Q This is from the Internet. I call it page one. Butif you want to take the time I do have the report, and if you want tosay that this is not the accurate Starr report, please do so.
He told Ms. Lewinsky that -- quote -- "she should sayshe visited the White House to see Ms. Currie, and on occasion whenworking at the White House she brought him letters when no one elsewas around." Now, that's not true -- by the President's ownadmission, he had had sexual contact with Ms. Lewinsky. Why is thatnot subornation of perjury?
MR. KENDALL: I don't think -- first of all, I believeit is true, Ms. Lewinsky did visit him, did bring him letters -- it'snot suborning perjury because suborning perjury is telling somebodyto testify falsely. I don't know -- again, I haven't had a chance toreview the report at that level.
Q But it says she says she visited the White House tosee Ms. Currie, when in fact she was visiting the White House to havesexual contact with the President.
MR. KENDALL: No, the evidence will show --
Q That's lying.
MR. KENDALL: No, it's not. The evidence will show thatMs. Lewinsky and Ms. Currie were indeed friends, so that's not a lie.
Q So if she was called in the Jones case and wasasked why she was at the White House, you believed that if shetestified as the President she suggested she testify, she'd betelling the truth?
MR. KENDALL: Well, I'm not going to speculate on that.
Q Mr. Kendall, you say that the lurid detail is farmore than was justified. I wonder if you could address the fact thatin Ms. Lewinsky's testimony she talks about encounters where therewas contact that clearly would fall within the definition of sexualrelations that the President has denied. Are you saying it's a hesaid, she said? And is it your contention that Ms. Lewinsky lied inher testimony?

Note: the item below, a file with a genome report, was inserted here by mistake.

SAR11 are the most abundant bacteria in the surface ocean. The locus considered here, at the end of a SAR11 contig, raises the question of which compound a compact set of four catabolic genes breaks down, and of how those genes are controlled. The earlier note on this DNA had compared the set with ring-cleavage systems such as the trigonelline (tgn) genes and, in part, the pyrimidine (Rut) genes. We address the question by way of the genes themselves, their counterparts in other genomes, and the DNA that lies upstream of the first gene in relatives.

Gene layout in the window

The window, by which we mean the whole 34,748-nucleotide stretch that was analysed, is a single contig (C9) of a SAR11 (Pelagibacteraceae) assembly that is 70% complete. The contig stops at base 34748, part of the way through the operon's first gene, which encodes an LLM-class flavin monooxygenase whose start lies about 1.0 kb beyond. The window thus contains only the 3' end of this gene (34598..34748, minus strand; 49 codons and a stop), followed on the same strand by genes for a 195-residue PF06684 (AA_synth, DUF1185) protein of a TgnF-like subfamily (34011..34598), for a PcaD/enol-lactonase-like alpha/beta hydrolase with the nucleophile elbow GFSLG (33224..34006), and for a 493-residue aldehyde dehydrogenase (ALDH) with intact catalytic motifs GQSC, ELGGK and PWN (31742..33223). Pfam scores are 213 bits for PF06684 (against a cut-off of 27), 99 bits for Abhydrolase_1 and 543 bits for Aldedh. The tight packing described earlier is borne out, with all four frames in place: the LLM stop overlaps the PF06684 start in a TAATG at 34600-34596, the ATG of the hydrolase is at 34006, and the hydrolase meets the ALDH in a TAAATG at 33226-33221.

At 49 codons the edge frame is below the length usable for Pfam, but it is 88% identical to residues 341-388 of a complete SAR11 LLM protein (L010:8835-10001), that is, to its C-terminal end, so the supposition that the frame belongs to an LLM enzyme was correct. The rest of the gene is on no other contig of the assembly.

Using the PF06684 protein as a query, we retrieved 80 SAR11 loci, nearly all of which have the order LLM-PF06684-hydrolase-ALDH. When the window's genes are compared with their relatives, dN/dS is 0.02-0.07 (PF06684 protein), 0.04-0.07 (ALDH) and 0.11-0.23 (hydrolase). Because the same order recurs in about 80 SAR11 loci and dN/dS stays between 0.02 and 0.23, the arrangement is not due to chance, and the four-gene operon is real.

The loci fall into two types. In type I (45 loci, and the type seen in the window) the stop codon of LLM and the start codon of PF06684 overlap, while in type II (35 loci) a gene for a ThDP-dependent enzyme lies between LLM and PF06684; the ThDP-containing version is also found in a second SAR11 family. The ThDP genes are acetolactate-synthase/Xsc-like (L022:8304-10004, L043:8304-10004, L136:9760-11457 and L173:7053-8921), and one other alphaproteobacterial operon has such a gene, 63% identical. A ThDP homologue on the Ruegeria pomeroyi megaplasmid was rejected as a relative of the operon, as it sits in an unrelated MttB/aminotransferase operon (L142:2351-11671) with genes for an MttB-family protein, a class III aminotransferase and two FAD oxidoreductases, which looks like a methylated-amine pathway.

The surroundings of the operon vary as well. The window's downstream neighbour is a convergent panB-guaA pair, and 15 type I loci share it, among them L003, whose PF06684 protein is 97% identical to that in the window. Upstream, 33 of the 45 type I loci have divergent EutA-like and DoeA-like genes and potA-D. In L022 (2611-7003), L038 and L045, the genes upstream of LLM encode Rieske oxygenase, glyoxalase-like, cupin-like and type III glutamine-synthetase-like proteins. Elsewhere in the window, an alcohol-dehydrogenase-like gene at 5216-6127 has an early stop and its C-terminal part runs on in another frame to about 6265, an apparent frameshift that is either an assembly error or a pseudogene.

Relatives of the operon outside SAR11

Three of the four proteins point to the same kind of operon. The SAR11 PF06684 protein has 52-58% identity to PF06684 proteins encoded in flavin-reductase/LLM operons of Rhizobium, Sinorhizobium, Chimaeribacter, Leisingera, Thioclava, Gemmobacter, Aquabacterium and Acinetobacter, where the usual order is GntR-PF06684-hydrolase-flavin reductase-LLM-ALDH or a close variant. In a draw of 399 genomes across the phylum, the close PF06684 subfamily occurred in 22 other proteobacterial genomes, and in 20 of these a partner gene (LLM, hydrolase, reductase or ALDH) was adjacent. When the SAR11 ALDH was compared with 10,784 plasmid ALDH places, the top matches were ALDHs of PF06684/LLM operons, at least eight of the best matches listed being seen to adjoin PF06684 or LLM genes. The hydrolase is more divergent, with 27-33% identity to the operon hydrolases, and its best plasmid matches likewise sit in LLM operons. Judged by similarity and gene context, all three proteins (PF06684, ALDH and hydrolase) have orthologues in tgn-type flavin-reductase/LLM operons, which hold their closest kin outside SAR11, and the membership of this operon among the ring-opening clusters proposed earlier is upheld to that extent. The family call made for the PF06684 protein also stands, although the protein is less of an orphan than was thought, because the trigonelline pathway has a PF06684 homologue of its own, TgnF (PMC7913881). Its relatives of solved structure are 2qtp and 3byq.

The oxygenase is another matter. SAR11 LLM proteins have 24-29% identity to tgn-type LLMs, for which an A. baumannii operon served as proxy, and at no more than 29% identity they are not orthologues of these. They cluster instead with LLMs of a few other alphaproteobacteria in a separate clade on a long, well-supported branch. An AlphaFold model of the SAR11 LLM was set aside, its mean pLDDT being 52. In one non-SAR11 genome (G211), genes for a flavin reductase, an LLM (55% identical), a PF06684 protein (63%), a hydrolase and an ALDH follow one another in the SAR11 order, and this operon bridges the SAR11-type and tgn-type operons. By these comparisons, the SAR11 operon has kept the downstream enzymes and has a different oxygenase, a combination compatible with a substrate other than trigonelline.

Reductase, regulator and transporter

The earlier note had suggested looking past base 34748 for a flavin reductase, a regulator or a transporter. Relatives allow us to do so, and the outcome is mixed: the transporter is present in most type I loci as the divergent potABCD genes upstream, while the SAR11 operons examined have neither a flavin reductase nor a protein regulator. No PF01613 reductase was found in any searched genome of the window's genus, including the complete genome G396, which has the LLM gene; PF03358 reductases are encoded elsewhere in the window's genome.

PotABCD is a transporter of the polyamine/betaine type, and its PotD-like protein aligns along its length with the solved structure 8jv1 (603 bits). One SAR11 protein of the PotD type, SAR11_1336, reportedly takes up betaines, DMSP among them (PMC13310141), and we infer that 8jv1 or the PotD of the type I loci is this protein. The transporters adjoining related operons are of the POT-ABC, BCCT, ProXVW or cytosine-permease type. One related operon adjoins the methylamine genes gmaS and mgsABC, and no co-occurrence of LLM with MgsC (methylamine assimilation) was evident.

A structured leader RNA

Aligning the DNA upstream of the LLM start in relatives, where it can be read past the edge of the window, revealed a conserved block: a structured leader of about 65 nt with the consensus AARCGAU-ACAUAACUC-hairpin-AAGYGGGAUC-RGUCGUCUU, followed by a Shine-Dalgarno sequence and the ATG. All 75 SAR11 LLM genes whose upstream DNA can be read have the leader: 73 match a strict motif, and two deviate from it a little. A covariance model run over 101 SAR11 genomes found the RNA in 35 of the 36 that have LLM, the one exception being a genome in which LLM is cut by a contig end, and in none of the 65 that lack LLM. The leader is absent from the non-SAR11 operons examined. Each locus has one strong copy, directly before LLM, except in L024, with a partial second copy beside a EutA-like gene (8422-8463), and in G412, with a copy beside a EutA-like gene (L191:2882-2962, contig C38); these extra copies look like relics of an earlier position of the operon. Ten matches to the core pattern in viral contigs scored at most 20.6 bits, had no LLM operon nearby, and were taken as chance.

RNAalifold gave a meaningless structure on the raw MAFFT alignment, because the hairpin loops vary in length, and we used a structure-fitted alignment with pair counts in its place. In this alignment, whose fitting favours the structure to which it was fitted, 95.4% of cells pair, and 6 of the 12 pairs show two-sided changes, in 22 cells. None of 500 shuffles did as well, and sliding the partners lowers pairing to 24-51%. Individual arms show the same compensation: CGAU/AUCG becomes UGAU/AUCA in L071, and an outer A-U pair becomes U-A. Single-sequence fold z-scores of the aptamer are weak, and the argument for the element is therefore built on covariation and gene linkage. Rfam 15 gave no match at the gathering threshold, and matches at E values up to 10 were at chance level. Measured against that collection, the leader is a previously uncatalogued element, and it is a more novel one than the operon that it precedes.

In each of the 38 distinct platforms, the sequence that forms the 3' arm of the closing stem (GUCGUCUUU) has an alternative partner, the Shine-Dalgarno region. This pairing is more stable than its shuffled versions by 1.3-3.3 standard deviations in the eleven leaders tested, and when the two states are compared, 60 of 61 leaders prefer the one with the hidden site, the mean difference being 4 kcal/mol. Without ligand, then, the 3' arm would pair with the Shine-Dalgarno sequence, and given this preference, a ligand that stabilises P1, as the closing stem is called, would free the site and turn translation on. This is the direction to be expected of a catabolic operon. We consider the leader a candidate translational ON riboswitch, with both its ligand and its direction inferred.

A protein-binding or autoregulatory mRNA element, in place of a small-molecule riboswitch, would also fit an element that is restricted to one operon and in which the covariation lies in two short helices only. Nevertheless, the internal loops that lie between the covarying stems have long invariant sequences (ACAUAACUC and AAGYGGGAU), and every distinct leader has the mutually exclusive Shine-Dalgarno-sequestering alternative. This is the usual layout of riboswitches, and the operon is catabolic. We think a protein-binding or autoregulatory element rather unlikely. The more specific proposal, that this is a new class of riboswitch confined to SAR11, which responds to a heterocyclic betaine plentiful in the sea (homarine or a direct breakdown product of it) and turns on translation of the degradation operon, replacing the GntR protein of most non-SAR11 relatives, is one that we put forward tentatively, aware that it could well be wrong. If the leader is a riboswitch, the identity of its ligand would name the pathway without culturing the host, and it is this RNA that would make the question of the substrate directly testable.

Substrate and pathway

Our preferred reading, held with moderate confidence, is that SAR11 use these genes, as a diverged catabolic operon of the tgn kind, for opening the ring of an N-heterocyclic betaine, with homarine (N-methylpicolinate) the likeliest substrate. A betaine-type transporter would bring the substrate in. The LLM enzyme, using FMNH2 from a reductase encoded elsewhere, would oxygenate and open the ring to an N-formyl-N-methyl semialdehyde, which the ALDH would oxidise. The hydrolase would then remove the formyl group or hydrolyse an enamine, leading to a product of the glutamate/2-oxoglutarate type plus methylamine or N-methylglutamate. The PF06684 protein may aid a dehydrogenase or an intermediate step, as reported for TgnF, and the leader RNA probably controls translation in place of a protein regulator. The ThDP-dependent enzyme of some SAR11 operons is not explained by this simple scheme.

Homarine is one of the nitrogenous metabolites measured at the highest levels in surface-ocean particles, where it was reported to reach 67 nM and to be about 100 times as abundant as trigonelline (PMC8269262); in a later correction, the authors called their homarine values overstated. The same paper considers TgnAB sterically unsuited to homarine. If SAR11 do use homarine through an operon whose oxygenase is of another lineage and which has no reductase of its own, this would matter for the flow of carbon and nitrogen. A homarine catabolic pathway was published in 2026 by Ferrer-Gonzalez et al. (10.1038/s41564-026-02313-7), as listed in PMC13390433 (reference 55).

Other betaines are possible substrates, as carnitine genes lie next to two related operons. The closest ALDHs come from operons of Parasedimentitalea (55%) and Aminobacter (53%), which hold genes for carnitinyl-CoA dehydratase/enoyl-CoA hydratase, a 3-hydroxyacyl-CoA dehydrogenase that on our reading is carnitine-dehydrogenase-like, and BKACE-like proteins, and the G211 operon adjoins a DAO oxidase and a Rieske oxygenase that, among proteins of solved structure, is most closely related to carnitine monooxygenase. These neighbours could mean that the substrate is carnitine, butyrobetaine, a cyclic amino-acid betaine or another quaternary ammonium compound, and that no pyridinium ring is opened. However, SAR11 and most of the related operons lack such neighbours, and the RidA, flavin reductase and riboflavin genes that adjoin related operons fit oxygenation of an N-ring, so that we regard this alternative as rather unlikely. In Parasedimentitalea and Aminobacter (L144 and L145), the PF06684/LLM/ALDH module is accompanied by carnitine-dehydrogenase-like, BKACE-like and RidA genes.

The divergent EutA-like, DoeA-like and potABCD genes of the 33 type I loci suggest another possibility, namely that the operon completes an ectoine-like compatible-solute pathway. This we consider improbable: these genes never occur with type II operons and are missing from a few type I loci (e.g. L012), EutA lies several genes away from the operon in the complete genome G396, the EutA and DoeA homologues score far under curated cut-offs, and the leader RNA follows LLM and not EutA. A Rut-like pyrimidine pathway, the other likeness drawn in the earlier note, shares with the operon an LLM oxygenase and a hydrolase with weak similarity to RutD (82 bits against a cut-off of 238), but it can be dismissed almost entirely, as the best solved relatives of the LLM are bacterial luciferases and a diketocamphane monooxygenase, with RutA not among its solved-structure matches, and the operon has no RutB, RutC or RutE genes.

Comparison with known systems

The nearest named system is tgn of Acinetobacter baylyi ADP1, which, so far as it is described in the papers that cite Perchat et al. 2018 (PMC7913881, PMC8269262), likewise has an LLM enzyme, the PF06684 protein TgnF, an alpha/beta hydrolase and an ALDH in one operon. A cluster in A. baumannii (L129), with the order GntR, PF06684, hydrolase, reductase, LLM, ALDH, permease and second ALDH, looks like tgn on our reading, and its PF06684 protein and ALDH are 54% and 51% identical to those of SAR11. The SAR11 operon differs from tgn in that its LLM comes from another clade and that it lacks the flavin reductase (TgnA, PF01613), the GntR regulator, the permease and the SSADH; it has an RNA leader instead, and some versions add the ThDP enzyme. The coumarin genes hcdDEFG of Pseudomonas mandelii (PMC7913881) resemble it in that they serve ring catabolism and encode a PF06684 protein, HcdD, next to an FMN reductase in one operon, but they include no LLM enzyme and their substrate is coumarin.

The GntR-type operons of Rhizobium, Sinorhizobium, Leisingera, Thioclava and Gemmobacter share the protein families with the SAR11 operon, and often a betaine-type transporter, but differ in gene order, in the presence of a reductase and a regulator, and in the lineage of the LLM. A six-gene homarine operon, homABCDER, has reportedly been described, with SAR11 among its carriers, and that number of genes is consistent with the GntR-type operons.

MR. KENDALL: I haven't had a chance to review thereport at a specific level of detail, and I don't know what thebackup testimony is. The President testified truthfully both onJanuary the 17th and on August 17, 1998.
Q Mr. Kendall, your reference to not having had achance to look at backup detail goes I think to Sandra's questiononce again. Are you telling us then that the allegations that Starris making of a sexual relationship of the President and Ms. Lewinsky,and Mr. Clinton's statement in his testimony on August 17th that hewas technically right are not to be supported because there is nobackup testimony to Ms. Lewinsky's?
MR. KENDALL: On August 17th, the President acknowledgedan improper sexual relation. The question here really is no matterhow you spin that out and try and exaggerate it and extend it, isthere evidence here of high crimes and misdemeanors? That's reallythe question at issue. The question is not the wrongful conduct thatthe President has acknowledged. The question is whether there isevidence here to countermand and override the judgment of the peopleof this country, who not once, but twice, have elected this manPresident of the United States.